Relational Healing In a Residential Treatment Center




By: Nevin G. Alderman, M.A., CMHC – Executive Clinical Director – New Haven RTC



Relational therapy has always been a cornerstone of our delivery model at New Haven. At New Haven, one of our mottos for healing is, “a thousand moments”. What is the goal of those thousand moments? To awaken a young women to her own goodness, and to reintroduce her and her family to the innately worthy, valuable, bright, talented and beautiful people that they truly are, but have lost along the treacherous road of life.


William Glasser, a highly renowned psychiatrist, author and theorist, stated: “In practice, the most important need is love and belonging, as closeness and connectedness with the people we care about is a requisite for satisfying all of the needs… Being disconnected is the source of almost all human problems such as what is called mental illness…” (1). Hackney and Comier  concur in their position, stating that “ Unconditional positive regard was one of the original conditions identified by Rogers (1957) as necessary and sufficient for positive personality change to occur. He defined it as prizing the client as a person with inherent worth and dignity…” (2). At New Haven, we join with these and many other theorists of psychology and sociology, who indicate that the most influential aspect of healing is relational.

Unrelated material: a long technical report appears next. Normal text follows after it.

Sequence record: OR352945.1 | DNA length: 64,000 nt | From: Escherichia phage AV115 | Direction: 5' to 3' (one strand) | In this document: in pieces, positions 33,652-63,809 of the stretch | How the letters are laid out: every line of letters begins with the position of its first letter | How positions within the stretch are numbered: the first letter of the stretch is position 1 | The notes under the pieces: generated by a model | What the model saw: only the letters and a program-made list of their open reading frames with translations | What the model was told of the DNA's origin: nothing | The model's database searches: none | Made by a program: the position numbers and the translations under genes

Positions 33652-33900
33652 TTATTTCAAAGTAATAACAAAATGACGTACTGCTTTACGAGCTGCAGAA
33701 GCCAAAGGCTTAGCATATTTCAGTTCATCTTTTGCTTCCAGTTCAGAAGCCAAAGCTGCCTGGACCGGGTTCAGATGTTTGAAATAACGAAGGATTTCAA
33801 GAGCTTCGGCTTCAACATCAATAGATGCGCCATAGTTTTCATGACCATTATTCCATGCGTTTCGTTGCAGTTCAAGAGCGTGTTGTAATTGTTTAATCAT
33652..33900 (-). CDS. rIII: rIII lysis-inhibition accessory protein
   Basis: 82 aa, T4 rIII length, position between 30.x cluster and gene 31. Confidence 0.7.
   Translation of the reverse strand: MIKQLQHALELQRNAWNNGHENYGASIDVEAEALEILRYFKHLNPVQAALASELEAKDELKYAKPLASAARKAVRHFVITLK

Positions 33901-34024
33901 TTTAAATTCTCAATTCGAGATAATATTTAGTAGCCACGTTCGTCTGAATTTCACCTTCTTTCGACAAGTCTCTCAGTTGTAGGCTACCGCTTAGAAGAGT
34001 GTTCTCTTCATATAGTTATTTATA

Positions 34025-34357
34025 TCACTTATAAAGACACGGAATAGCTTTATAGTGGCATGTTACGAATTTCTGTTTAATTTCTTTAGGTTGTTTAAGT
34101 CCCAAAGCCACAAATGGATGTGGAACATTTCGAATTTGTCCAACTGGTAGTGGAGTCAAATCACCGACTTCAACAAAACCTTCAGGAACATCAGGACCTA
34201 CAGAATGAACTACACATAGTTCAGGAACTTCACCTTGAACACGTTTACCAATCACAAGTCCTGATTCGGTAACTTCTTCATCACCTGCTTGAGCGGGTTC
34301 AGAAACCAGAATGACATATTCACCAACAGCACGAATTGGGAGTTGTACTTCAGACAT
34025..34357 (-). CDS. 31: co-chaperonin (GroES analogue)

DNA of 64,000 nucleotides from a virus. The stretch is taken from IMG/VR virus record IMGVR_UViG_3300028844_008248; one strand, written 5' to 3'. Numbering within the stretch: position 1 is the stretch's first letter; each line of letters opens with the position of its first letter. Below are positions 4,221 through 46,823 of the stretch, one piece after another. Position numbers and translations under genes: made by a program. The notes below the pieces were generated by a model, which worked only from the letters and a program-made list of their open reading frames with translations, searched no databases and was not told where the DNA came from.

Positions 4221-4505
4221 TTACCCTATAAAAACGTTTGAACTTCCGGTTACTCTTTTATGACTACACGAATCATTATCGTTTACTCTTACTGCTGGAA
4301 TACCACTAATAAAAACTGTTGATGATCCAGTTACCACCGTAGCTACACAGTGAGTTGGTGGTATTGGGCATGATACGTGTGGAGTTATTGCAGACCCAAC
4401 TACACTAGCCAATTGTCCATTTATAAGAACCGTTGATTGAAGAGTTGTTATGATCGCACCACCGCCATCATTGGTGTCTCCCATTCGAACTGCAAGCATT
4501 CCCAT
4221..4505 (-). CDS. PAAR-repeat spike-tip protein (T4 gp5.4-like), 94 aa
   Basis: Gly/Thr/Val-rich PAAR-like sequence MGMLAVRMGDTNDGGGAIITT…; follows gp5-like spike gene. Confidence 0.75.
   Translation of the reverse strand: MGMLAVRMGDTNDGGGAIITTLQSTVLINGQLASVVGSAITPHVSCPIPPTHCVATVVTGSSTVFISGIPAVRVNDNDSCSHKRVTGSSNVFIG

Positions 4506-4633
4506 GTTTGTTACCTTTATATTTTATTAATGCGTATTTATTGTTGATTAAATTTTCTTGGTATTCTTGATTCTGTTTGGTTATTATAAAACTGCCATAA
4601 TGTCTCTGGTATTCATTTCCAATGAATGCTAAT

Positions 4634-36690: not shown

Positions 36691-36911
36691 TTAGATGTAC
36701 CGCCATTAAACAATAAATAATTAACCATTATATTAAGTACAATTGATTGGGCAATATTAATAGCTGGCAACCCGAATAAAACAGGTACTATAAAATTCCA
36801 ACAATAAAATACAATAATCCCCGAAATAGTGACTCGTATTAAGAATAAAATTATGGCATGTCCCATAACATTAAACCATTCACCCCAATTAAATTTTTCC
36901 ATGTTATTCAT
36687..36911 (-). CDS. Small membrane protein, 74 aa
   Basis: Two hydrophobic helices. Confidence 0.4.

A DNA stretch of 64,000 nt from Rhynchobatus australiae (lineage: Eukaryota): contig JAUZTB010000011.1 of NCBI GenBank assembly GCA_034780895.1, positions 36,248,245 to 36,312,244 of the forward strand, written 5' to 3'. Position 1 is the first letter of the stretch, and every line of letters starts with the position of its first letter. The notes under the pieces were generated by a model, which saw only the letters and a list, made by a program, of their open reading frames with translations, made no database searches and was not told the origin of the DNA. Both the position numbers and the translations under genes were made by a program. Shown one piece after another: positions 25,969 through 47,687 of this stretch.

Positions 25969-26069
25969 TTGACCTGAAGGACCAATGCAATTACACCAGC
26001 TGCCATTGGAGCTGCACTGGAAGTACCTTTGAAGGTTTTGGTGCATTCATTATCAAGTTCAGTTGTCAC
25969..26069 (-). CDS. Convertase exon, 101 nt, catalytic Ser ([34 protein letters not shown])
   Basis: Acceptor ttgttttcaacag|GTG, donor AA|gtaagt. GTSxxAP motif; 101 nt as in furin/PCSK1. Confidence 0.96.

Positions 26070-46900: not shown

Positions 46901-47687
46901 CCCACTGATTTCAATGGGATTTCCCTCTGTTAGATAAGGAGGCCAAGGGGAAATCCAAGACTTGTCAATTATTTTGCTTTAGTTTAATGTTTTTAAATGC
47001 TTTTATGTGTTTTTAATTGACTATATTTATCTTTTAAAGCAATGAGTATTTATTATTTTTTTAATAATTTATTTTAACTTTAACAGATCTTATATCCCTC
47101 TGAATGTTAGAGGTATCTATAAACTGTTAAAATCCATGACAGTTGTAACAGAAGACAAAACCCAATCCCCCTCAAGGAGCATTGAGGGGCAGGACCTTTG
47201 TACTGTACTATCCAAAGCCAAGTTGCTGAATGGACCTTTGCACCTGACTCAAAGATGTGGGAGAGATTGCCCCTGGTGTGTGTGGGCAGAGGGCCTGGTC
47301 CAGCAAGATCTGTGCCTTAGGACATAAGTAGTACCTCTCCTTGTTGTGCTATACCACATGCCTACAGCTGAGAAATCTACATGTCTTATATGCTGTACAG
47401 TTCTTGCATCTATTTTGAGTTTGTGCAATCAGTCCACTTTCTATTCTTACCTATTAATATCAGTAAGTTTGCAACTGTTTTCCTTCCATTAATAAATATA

From New Haven’s humble beginnings it has been clear that the most powerful relational work we will do will be centered within families. There are few things more poignant in the life of young women than the relationships that exist within the walls of her own home. By the time a young women reaches New Haven, these family relationships have often been battered, bruised and/or abandoned. We Heal Families. We heal by imploring Mom’s and Dad’s, Siblings and close relatives. We invite them to Explore points of discord and sources of trauma, supporting Insight into the genesis of these items and the things that perpetuate them. Next we encourage young women and their families toward Integrity and fidelity to new ways of being, that ultimately allow for a healthy, Interdependent family experience. The process is not easy, though the payoff so sweet.

  1. The William Glasser Institute (2010). Obtained online at:
  2. Comier, L.S., Hackney, H.L. (2001). The Professional Counselor; A Process Guide to Helping. Allyn & Bacon. Fourth Edition, p.48